The Internet is transforming social and political practices, from shopping, research, voting and campaigning for policy change, protest and even revolution, to surveillance and even repression. The media remains instrumental in spreading news or propaganda, entertainment or soft power on a massive scale. Social media is embedded in almost every aspect of everyday life, allowing for constant and expansive networking at the grassroots while posing a challenge to governments, as societies become harder to govern. This seminar aims to engage students with questions about the impacts of these new information communication technologies in the age of globalization.
Who am I? Negotiating Identities
Monday, Wednesday 12:00pm-1:20pm
Kathy Kuipers, Sociology
Identities influence both our immediate interactions and our perceptions of our social world. We begin this interdisciplinary seminar as sociologists by exploring family and place for sources of our own identity. Then we take a closer look, through fiction and film, at how identities are linked to social groups—gender groups, cultural groups, and racial/ethnic groups. We ask how identities become salient within social contexts, and are enacted locally. Incorporating a more global perspective, we focus on how the presentation and perception of identities influences the negotiation of social relationships. We ask why we show different sides of ourselves in different situations; how our identities influence our ability to engage in social problem solving; and how we articulate and enact our identities, globally.
Tuesday, Thursday 2:00pm-3:20pm
Abhishek Chaterjee, Political Science
Brent Ryckman, Biological Sciences
How do human beings find out how things in the world work? The “world” here includes both the—so-called—“natural” world, and the “world” of humans (though the latter is really a part of the former). So, this course will ask students to consider if and to what extent there is common set of principles, or even a common spirit that guides all aspects of human inquiry, despite the apparently different methodological practices and goals of different fields or disciplines. Specific examples will be drawn from the instructors’ fields of expertise, social and the natural sciences.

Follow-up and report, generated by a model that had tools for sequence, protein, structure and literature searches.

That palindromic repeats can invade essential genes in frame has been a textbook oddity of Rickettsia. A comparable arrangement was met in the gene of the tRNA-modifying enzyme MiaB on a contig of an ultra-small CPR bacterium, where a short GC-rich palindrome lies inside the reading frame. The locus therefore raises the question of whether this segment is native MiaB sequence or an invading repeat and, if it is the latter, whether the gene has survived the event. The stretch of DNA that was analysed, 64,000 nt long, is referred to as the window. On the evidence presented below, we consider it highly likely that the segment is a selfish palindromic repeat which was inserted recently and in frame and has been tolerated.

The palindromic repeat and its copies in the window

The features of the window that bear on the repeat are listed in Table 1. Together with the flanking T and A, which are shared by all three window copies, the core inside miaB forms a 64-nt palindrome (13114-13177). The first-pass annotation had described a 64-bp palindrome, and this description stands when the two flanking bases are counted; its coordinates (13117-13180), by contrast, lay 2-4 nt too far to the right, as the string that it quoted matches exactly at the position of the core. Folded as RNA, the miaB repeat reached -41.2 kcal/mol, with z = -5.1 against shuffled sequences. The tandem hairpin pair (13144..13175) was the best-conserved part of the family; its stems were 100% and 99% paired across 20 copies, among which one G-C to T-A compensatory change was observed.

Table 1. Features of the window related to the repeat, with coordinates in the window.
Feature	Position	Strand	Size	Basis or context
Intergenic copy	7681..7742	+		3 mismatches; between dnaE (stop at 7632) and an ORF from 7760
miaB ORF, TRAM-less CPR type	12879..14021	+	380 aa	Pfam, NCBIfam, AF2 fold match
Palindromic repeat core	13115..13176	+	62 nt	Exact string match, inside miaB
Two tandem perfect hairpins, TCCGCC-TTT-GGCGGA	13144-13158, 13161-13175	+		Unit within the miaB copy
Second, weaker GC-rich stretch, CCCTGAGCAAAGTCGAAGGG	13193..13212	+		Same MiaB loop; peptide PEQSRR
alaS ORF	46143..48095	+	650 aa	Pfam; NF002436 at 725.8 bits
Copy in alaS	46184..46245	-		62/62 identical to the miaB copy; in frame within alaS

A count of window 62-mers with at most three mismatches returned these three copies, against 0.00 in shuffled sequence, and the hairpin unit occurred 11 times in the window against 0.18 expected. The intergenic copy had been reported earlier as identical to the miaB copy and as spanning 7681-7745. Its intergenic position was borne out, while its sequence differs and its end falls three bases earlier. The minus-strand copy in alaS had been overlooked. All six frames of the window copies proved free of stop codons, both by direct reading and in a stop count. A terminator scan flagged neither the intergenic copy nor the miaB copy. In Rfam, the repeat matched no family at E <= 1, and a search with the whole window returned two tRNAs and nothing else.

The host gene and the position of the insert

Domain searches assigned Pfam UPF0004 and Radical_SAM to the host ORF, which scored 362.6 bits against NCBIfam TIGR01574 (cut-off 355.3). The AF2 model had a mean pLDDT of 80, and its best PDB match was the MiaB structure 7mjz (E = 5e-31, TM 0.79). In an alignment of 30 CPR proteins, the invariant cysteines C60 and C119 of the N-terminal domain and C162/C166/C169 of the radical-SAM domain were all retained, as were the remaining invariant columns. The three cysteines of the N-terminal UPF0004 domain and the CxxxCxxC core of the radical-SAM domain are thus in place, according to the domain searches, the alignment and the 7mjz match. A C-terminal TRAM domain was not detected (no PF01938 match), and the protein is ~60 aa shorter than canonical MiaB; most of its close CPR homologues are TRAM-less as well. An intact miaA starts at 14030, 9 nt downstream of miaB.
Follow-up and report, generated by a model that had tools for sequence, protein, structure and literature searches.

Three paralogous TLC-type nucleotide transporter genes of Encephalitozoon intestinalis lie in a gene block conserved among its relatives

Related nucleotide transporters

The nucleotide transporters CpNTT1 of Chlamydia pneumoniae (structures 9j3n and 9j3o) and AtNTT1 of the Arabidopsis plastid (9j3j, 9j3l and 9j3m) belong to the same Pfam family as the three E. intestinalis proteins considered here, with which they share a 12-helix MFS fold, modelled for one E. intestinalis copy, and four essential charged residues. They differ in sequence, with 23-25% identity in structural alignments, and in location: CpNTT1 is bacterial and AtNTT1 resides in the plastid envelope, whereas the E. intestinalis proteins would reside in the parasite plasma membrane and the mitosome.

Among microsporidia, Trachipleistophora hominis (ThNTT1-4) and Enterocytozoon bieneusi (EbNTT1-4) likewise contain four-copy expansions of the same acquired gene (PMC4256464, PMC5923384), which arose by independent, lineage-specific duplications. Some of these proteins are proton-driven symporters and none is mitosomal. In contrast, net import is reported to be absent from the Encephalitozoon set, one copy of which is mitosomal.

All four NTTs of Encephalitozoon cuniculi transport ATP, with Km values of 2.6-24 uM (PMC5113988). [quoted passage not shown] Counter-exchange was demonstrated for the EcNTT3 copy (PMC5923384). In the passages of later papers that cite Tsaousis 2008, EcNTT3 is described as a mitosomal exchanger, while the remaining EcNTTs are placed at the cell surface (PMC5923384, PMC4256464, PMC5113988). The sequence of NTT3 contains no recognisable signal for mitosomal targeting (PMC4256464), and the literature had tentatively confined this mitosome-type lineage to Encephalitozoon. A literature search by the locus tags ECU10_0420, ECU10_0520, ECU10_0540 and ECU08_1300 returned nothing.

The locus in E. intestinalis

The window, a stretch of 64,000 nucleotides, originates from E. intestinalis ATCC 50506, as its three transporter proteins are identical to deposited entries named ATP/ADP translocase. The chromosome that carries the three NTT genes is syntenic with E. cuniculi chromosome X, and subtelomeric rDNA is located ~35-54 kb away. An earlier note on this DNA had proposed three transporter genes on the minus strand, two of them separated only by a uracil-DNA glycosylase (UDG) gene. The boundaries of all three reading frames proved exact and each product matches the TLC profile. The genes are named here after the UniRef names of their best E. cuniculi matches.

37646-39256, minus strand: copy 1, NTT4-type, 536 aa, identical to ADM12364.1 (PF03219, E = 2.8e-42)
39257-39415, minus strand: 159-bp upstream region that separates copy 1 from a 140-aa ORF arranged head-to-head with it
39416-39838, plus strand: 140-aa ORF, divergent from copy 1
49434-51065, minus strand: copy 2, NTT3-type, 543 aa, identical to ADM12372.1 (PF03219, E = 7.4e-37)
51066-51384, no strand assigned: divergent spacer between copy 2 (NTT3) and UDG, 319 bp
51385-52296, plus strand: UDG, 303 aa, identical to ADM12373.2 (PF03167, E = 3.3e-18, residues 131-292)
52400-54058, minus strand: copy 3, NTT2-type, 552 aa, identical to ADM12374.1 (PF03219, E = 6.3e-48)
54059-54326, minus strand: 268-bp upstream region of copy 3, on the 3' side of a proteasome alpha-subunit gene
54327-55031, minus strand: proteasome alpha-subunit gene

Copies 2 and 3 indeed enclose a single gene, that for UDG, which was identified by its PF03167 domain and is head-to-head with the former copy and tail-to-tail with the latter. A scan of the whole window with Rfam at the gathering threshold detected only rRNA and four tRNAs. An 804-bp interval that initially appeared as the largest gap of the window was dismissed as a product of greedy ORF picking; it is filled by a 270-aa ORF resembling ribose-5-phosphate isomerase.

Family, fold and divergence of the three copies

Women's Rights and Women's Roles around the World
Monday, Wednesday, Friday 12:00pm-12:50pm
Beth Hubble, Women's, Gender and Sexuality Studies
This interdisciplinary course offers a comparative perspective on women’s participation in family, community, and political life around the world. In the first part of the course, students will learn about women’s oppression and organization in global context, emphasizing cross-cultural comparisons. Topics include women’s work, political activism, social welfare, reproductive rights, family violence, and sex trafficking. In the second part of the course, students will collaborate on designing a final service-learning project for public consumption. Examples include creating a website or blog; filming and editing a documentary; presenting at local schools; or designing, conducting, and reporting on a community needs survey.